Where are you gripping tight to the illusion of control? What might happen if you let go? Are there fears that you might address in a letter? What do you think they'd say back? Are there things going on in your life that you wouldn't have imagined a year ago? How can that knowledge help you surrender your need-to-know today?

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Check out the post from Feb 4 for a sample of the 78-page workbook, "I've Been Sober a Long Time - Now What?" now available in PDF or hard copy. Email me at with any questions.  

Wednesday, April 13, 2022


 I have a notebook I kept in high school, with articles (Vietnam War, Nixon's demise, Women's Liberation, Black Power - topics of the day) along with poetry and quotes that struck my sixteen-year-old self as moving or important. I sometimes attributed the quotes to "unknown" either out of laziness or perhaps I'd written it down without noting the author. Here is one that still feels right today:

"Perhaps all stories should begin with the word 'and.' Perhaps they should end with the word 'and' too. It would remind us that no experience every begins; there was always something that preceded it. What really began, for us, was our awareness of something going on. At the end the word "and' would remind us that no story every really ends - something more will happen after."

Yes, yes and more yes. I sometimes think in terms of "the next phase of my development," or a new chapter, which each imply transit or transition, but sometimes I behave as if one thing stops and another starts abruptly, like jobs or relationships or vacations. I need to remember there is always a backstory and an epilogue. And those times of transition (which seems to be nearly constant) are so important to acknowledge, whether a change of season, a favorite shop or restaurant closing, or a meeting that no longer serves. As I may have written before, but need reminding myself, a therapist once described it as being on the monkey bars where I've let go of one rung but haven't quite grabbed on to the next - that momentary suspension in mid-air, neither here nor there.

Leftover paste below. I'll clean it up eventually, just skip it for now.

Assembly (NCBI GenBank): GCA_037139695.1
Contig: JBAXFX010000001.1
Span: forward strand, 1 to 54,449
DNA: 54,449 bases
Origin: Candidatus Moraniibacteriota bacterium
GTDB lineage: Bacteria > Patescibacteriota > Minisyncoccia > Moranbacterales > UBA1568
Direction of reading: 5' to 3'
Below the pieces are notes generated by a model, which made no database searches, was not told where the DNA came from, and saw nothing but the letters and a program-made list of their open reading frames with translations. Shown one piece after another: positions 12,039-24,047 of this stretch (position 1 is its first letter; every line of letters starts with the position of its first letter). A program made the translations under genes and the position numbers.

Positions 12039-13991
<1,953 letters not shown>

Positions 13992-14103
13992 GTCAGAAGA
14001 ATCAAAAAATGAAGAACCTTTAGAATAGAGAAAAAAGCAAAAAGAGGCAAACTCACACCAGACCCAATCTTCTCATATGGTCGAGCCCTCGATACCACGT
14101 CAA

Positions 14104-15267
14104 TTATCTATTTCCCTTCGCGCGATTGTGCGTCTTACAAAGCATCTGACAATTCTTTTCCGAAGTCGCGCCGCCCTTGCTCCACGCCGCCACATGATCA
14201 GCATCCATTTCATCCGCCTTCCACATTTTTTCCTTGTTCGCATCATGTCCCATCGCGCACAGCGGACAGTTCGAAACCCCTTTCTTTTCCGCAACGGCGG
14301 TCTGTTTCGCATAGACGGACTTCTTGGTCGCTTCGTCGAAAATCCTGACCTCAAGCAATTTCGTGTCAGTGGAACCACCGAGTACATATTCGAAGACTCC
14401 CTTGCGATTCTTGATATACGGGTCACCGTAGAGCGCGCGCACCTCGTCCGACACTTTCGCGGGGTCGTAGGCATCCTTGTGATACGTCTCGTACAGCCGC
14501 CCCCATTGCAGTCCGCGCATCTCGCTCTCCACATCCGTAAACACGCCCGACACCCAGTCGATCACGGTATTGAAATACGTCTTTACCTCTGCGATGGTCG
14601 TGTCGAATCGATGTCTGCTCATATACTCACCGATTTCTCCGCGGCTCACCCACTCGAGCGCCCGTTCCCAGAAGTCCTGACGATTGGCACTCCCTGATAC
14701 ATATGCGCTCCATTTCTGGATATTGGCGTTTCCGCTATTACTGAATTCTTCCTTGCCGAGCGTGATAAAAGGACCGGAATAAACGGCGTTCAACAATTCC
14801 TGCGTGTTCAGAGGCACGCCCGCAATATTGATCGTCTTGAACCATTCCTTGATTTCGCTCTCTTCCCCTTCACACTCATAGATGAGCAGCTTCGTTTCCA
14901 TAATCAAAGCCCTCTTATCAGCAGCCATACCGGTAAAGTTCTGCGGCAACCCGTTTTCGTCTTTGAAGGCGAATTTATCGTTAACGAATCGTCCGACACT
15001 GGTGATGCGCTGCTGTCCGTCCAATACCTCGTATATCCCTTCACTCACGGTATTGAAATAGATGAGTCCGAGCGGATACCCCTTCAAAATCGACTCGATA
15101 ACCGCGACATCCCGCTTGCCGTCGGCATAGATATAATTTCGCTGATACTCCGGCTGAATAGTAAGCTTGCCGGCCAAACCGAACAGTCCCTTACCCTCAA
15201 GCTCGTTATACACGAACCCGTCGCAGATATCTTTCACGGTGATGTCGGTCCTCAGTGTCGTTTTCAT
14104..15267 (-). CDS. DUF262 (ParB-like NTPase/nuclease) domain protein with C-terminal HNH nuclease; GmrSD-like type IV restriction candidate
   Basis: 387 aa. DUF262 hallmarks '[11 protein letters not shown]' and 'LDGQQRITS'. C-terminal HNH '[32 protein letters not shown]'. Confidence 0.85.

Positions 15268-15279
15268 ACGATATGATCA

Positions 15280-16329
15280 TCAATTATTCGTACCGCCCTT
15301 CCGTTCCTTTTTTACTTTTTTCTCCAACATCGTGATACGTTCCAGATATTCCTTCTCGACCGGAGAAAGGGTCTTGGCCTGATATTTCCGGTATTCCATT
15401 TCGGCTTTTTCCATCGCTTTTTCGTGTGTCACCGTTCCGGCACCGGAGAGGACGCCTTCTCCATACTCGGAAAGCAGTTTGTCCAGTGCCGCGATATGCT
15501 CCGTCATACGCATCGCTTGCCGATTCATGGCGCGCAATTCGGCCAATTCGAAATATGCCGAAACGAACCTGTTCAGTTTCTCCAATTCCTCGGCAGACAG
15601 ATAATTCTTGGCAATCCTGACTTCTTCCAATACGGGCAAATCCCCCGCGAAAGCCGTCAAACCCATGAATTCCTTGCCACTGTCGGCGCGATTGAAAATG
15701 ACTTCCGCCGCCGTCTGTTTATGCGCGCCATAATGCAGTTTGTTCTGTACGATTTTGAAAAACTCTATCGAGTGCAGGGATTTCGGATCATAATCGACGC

I'm in that place of pause as I complete my 90-day job assignment, remembering the "and" on both ends, signifying what went before and what will go on after (whether I know what that is or not).  I'm also thinking a lot about the "and" as I'm in contact with old classmates via reunion planning, some after literal decades: We crossed paths, interacting intensely when we were fifteen and... life went on. It can be funny, or a bit odd, to do the "how have you been?" routine after so long. I kind of care, but I'm more interested in seeing whether the person I knew back then is still in there - are you still funny? Did you ever take that trip you used to talk about? Did life turn out the way you thought it might?

Along those lines, I just learned of the recent passing of one of those people - a funny, delightful sixteen-year-old that I hadn't seen since. To me, he's frozen in time, "and" the reality is that he married and had kids, divorced and was ill. My experience, my knowing him, is very limited to a specific time and place, as are so many memories, whether of someone I used to sit next to in meetings, or a friend from decades ago. As time passes, on the planet and in recovery, I'm both more and less attached to the stories, the memories, my version(s) of what was. I read somewhere that when we get really old, and less out in the world, it will be our memories that nourish us. Goodness knows, I have a deep well to drink from.

And the beat goes on, one day at a time, one chapter at a time, one story at a time. Have you made peace with your stories? Are there those you've released as less-than-true? If you met someone you cared about when you were a kid, or a teenager, what would you want them to know about you today?

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Check out the post from Feb 4 for a sample of the 78-page workbook, "I've Been Sober a Long Time - Now What?" now available in PDF or hard copy. Email me at with any questions.  

Wednesday, April 6, 2022

Self-care, and fun in recovery

 Whenever I hear Van Morrison sing "Wavelength," with its reference to the Voice of America radio station, I'm immediately thrown into a memory of riding around Beverly Hills circa 1979, in a VW Bug, with my Saudi boyfriend and his Iranian friend singing along at the top of their lungs, talking about their late-night searches on the radio dial for programming from the land of the free, home of the brave, and their deep longing to set out to this place, so far from home.